Predicting the Big Ten: Can Penn State Buck Ohio State From Top?
The big question in the Big Ten this season is whether Penn State's conference championship was just a momentary burp in the conference's Buckeye-dominated food chain, or whether things might actually be shifting just a bit in the conference. Do the Buckeyes claim the title again? Will the Nittany Lions defend last year's crown and make a run at the national title? Will there be some giant, world-rocking surprise team that comes in and knocks them both out of the BCS?
Make the jump and all shall be revealed.
1. Penn State (11-1 overall, 7-1 conference). The Nits get the nod over the Buckeyes by virtue of having a little more experience all the way around the starting lineup. Not only that, but OSU is coming to Happy Valley this season and I expect Paterno's squad to beat them. However, Penn State won't get through the conference unscathed. I have them losing to Iowa in the conference opener, and I'll tell you why a little later.
2. Ohio State (10-2, 7-1). You know the one conference loss already, and you can probably guess the one non-conference loss. OSU has the firepower to win in Happy Valley. I just don't think they will. I look for Terrelle Pryor to have a huge season as long as he's facing teams that are a little thin at middle linebacker.
3. Michigan State (10-2, 6-2). Offense is a question mark for this largely anonymous team, but the defense should guarantee that the offense doesn't need to do too much to win. Not playing Ohio State helps them out a bit as well. However, don't ask me why, but I think Illinois is going to beat them.
4. Iowa (10-2, 6-2). The Hawks won't lose at Kinnick Stadium this season, though Arizona and Northwestern will push them hard. That leaves the five road games. Iowa State is a hanging curveball. They'll win at Penn State, where Kirk Ferentz just seems to have Joe Paterno's number. He has a better record against Penn State than against any other conference opponent and is 3-1 in games at Happy Valley . They'll win at Wisconsin, too, with a slightly better offense than the Badgers look to put up and a much better defensive front seven. They'll lose in Columbus and East Lansing, however.
5. Northwestern (9-3, 5-3). Pat Fitzgerald is replacing a lot of key players from last year, and it will show at times. This is a team primed to win ugly, but under Fitz, Northwestern has won its share of dogfights. They don't have the talent to hang with Penn State, though, and the road trips to Michigan State and Iowa will be extremely difficult.
6. Illinois (7-5, 4-4). I just don't get all the preseason love the Illini are getting. Yes, Arrelious Benn is a rare talent, and yes, Juice Williams has gotten better every season. Ron Zook has yet to prove that he can make the most of the incredible talent he recruits, and talent without coaching is like horsepower without traction. The running game is still iffy and Vontae Davis, who is now gone, singlehandedly kept the Illini in a lot of games over his career. No doubt they'll score a lot of points. No doubt they're going to need to.
7. Wisconsin (7-5, 3-5). Bret Bielema's job is not in danger so there's no need to ask whether this is enough to save it. There is little certainty under center, with the fans having a palpable lack of confidence in Dustin Scherer. The heart of the defense is also new, and Fresno State, though tough, will not provide enough of a challenge to prepare the team for their brutal first four conference games: Michigan State, at Minnesota, at Ohio State, and Iowa. They might not win any of those; in fact, I'm predicting they won't. The second half of the season is much friendlier.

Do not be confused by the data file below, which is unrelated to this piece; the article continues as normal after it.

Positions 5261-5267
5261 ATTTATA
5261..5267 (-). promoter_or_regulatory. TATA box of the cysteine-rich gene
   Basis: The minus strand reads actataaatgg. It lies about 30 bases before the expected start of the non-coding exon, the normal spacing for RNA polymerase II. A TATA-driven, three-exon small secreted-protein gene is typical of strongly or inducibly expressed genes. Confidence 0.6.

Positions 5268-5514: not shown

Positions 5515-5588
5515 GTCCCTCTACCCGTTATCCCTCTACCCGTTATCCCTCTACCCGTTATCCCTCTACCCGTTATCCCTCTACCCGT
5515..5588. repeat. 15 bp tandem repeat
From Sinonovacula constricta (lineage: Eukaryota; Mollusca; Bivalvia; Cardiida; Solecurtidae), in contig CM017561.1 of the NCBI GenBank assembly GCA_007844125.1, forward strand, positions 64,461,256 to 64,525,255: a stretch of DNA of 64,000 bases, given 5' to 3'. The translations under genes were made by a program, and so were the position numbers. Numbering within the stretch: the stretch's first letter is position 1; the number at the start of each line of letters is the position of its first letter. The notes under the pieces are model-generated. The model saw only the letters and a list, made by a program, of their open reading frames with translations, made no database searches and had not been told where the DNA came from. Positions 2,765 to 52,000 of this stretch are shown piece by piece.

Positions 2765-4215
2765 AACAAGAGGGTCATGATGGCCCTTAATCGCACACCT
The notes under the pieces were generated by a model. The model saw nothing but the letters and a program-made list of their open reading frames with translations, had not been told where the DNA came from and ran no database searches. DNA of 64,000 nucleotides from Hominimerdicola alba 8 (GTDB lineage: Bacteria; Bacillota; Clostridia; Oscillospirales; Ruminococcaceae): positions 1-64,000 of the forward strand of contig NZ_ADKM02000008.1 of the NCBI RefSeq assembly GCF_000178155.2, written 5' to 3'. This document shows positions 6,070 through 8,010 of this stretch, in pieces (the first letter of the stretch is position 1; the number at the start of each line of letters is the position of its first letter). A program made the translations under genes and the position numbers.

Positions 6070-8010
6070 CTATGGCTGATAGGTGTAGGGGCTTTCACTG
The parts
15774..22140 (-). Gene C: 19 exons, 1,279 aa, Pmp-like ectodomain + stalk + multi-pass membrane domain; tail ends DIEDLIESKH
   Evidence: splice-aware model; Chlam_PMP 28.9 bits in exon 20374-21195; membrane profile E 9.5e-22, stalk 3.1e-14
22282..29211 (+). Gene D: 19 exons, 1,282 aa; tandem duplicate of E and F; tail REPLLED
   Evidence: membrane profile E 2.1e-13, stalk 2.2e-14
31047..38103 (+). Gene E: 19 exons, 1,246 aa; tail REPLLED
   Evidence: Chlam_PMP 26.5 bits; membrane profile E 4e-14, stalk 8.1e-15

8. Michigan (6-6, 2-6). Things will get better in Ann Arbor this year; they would about have to. Whoever winds up starting at quarterback will get four weeks without a serious test, but then gets hit with Michigan State and Iowa back to back on the road. That should take some wind out of the team's sails, and this will be a year when the Ohio State game is officially classified as Don't See TV. I expect a huge step forward next season.
9. Minnesota (5-7, 2-6). I love Tim Brewster's offense -- how could you not? -- and the new stadium is a huge plus for a program which has had a hard time generating buzz, even in the Twin Cities. Gopher football has been undone over the past half-decade by a failure to put up a decent defense. They got off to a good start last year but by the end of the season they were getting their doors blown off. With coordinator Ted Roof now on Gene Chizik's staff at Auburn, it's back to square one for the Gopher D, who have spent so much time at square one they might want to consider leaving their toothbrushes there.
10. Indiana (4-8, 1-7). I feel terrible writing this. IU football has done nothing wrong. Bill Lynch, by all accounts, is a decent and pleasant person. But where are the points going to come from? And who's going to stop the run? The Hoosiers had one of the best pass rushes in the conference last season and it figures to get better in 2009. But you can't win very many games with just a pass rush.
11. Purdue (3-9, 1-7). Danny Hope says his team is better than anybody thinks, which shows he knows exactly what everybody seems to think about this year's Boilermakers: No chance. It's not that everybody thinks his team is terrible; it's just that nobody knows what to expect from a team that didn't show anything noteworthy last season and didn't seem to clean up in recruiting. At least with the other squads we know what we're getting.